slight evidence standard on the participation prong in light of the Seventh Circuit's rejection of the standard on appellate review. Cargo, No. 92 CR 442, 1992 WL 206280, at *1.
So assuming a slight evidence standard does not apply for 801(d)(2)(E) determinations, the next question becomes what replaces the standard. One answer is the substantial evidence standard applied in Durrive. This court's opinion in United States v. Messino, 855 F. Supp. 973, 975 (N.D. Ill. 1994), could be read toward that end. However, again, there are at the very least good arguments not to apply the substantial evidence standard to the participation prong. First, as the government notes, the standard is explicitly used by the Seventh Circuit for review of jury verdicts. The task of appellate review is far different from the task of trial court evidence management in the first instance. The Seventh Circuit made this point in Durrive by cautioning district courts not to undermine the government's burden by instructing juries based on a substantial evidence standard. See Durrive, 902 F.2d at 1229 n.6. It follows that it might be similarly inappropriate to apply a substantial evidence test, designed for appellate review, to a lower court's admissibility determination. Second, it is not all that clear whether "substantial evidence" is as substantial as it sounds. Because it is an appellate standard, substantial evidence would tend to be a lenient standard for factual support. And, at least in review of administrative agency decisions, substantial evidence "may be less than a preponderance of the evidence." Freeman United Coal Mining Co. v. Stone, 957 F.2d 360, 362 (7th Cir. 1992).
A third, and most promising, alternative is to apply the preponderance of the evidence standard to all three Santiago ruling prongs. The first and most persuasive reason for such a standard is that the Seventh Circuit trend is in that direction, as previously demonstrated. Another reason for applying such a standard is that the Durrive court's analysis favors simplicity, not bending over backwards to create fine distinctions among the standards for various prongs. The most clear and simple approach is to apply the preponderance of the evidence standard to all three 801(d)(2)(E) prongs.
All that said, if this area of the law needs the perfect test case for clarification, this case is not the one. The reason this case does not squarely present the issues discussed is that the government's evidence that Rufus Sims was a member of the charged conspiracy is nothing short of overwhelming; as explained in somewhat more detail below, the government meets just about any burden one could imagine. Whether the burden is slight, preponderant or substantial evidence, and whether substantial means more or less than a preponderance, the government meets all three prongs.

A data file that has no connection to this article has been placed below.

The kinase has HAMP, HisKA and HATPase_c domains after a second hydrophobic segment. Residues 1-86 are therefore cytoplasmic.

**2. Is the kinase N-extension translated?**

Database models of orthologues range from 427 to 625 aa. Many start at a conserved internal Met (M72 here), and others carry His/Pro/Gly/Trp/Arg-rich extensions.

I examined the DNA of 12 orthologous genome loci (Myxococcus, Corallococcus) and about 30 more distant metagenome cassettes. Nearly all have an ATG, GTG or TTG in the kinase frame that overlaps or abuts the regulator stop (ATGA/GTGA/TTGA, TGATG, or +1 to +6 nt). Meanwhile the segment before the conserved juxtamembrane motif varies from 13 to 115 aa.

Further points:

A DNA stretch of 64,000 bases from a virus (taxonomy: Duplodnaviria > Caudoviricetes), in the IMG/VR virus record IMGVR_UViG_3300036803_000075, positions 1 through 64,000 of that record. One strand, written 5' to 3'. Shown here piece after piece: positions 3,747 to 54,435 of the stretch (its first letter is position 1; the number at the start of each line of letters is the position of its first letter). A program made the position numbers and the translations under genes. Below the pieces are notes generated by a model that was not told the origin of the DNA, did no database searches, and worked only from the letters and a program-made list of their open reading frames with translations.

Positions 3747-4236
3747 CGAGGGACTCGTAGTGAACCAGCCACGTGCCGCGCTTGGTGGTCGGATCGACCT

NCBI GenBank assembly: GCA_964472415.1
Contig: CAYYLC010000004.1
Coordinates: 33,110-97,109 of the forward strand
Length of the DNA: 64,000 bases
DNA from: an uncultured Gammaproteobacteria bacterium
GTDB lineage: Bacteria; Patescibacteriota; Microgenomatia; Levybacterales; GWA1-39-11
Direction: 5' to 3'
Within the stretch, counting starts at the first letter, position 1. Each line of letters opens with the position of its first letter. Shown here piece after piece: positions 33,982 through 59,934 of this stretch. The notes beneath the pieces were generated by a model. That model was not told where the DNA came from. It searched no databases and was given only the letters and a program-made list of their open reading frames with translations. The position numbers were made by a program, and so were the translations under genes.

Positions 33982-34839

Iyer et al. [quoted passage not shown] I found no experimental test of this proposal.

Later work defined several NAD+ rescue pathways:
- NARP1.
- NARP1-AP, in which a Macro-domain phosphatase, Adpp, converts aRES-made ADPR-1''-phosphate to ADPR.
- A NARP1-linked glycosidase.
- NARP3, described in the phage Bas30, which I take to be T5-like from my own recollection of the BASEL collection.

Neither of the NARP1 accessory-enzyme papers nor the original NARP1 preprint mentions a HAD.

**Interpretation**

II. DISCUSSION AND PRELIMINARY FINDINGS
The government is right to point out that the court on October 23, 1992, made a Santiago ruling covering defendant Rufus Sims. Since that date, three developments make the case for 801(d)(2)(E) admission stronger: (1) the court has actually heard much of the government's case before; (2) a jury has found, at least for one codefendant, that a conspiracy existed; and (3) codefendant Richard Goldstein has appeared before this court making a post-sentencing proffer that incriminated Rufus Sims, as well as bolstered the general allegation of conspiracy.
Count One alleges that all defendants, plus Tim Patterson and others known and unknown to the Grand Jury either conspired to distribute narcotics or aided and abetted the conspiracy, an overarching charge incorporating the allegations of all other counts, Counts Two through Nineteen. (Indictment Count I, P 21, at 9.) The Count One conspiracy is also alleged as "Racketeering Activity Number 1" in Count Two, a Racketeer Influenced and Corrupt Organizations Act count. (Indictment Count II, at 14-15.) Count Eight charges a conspiracy to conceal illegal proceeds and to illegally structure transactions in order to impede the United States in its law enforcement. The court turns to the three findings it must make for Rule 801(d)(2)(E) admission.